Ontario’s Minister of Health and Long-Term Care Christine Elliott at Hotel Dieu Shaver.
It was a busy end to the week as two high profile provincial cabinet ministers were in St. Catharines to make funding announcements. First, the province’s Minister of Infrastructure Monte McNaughton joined St. Catharines federal MP Chris Bittle to announce up to $400,000 to fund the replacement of 12 diesel engines for the St. Catharines transit bus fleet.
McNaughton then hustled over to Hotel Dieu Shaver Health and Rehabilitation Centre where he joined his cabinet colleague and Minister of Health and Long-Term Care Christine Elliott to reaffirm that their government will indeed follow through with a half million dollar planning grant that originally was a campaign promise made by the then governing Liberals leading up to the provincial election. The actual cash was welcome news as past Liberal campaign promises, like a new hospital in Niagara Falls, which was announced by the Liberals twice during the past two provincial campaigns but never came to fruition.
The funds will help Niagara’s only rehabilitation facility begin planning for an expansion of rehab beds that are much needed in Niagara. The healthcare facility has been making their case for expansion for years arguing it’s better for patients, their families and the healthcare system to have the right patient in the right bed at the right time. In other words, out of an acute care hospital and into a specialized rehabilitation facility that has the multi-disciplinary clinical expertise to improve the quality of their patient’s lives.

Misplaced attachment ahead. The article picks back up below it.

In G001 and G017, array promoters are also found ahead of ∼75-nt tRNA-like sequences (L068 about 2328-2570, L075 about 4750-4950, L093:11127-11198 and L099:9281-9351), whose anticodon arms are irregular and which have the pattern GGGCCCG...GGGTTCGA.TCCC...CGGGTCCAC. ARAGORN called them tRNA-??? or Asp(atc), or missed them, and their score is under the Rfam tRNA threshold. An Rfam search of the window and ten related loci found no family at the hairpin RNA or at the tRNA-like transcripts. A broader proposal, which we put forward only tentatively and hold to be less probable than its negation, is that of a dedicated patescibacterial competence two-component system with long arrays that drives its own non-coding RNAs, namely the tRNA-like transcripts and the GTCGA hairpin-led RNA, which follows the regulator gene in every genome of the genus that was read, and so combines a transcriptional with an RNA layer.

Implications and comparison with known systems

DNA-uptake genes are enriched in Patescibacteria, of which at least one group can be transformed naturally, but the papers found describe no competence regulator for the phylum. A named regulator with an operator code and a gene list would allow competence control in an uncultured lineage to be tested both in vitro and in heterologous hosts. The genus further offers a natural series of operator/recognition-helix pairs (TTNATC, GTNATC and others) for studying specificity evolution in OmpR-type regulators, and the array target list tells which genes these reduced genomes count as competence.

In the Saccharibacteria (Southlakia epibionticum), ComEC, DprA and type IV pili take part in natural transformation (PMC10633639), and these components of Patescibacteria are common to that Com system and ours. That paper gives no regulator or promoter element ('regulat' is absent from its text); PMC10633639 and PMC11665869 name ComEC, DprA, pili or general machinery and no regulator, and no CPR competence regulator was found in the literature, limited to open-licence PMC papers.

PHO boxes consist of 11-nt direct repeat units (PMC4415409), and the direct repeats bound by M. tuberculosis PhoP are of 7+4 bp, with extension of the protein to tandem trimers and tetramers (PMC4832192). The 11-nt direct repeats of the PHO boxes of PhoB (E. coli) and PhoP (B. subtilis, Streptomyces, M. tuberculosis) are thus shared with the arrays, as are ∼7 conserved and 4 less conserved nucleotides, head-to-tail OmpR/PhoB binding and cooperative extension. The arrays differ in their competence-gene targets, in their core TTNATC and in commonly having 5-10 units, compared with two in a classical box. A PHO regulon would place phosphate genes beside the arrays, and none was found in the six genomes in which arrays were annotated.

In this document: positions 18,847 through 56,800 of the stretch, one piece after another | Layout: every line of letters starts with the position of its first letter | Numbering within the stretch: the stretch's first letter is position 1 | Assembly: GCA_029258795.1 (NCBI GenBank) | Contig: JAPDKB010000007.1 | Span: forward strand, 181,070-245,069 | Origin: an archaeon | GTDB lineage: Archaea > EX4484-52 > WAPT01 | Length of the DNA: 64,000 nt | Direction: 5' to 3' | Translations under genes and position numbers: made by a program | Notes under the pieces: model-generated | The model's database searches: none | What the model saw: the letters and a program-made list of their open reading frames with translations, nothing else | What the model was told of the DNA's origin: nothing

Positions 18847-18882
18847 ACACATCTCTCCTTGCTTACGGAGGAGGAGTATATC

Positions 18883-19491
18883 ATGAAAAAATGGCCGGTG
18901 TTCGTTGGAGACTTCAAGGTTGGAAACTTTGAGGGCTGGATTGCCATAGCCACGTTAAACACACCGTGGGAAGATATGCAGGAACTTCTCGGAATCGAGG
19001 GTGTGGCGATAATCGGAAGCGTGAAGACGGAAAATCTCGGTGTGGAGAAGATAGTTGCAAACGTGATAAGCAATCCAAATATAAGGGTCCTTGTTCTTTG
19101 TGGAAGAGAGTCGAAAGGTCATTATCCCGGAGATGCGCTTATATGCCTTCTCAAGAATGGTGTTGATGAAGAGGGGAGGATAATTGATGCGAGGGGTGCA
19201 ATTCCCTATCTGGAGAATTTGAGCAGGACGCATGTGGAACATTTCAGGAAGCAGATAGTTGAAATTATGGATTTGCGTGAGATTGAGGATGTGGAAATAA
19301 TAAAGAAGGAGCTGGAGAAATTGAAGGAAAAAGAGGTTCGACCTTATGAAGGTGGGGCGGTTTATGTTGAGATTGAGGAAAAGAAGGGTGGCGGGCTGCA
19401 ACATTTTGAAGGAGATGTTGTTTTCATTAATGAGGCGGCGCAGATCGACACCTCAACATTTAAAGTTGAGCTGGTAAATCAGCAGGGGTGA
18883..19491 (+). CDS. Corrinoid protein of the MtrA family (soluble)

In a media release, Hotel Dieu Shaver’s Interim CEO, Lynne Pay said, “We are so pleased and proud that our provincial government has acknowledged the valuable role that rehabilitation services play in helping to alleviate hallway medicine and improve the quality of life of so many.” “With increased bed capacity and enhanced infrastructure, we can help so many more patients regain their independence and quality of life.”
In an interview with the Niagara Independent following the announcement, Minister Elliott said, “We know what a huge difference rehabilitation can make in a patient’s life; whether it’s getting them back to work, enjoying an active retirement or improving their overall quality of life.” She said, “it was a real pleasure to be at Hotel Dieu Shaver.”
The benefits of a rehab facility are something the province’s health minister knows firsthand. Just over a year ago the woman in charge of Ontario’s health care system got a patient’s perspective after suffering a serious head injury. As a result of fall at her cottage that knocked her out, Elliott ended up with a broken temporal bone at the base of her skull and was hospitalized for six weeks. She spent four days in intensive care at Toronto’s Sunnybrook hospital. Eventually she was transferred to Bridgepoint Active Healthcare where it took months of intensive rehab just to get her speech back and learn to walk again.
The minister has said that her experience will help her in her role in heading up a ministry that consumes nearly half the provincial budget and is always in the spotlight and consistently a top three issue among voters. While the opposition party constantly plays the “private healthcare” card, Elliott has said the people of Ontario aren’t interested in that. While the government has funding pressures and all programs and services can run more efficiently and cost savings can be found, Minister Elliott said, “I believe in the system we have, (in) universal access to our system. I think that is one of the key principles we all hold as being important and we want to make sure everyone has access to high quality health care.”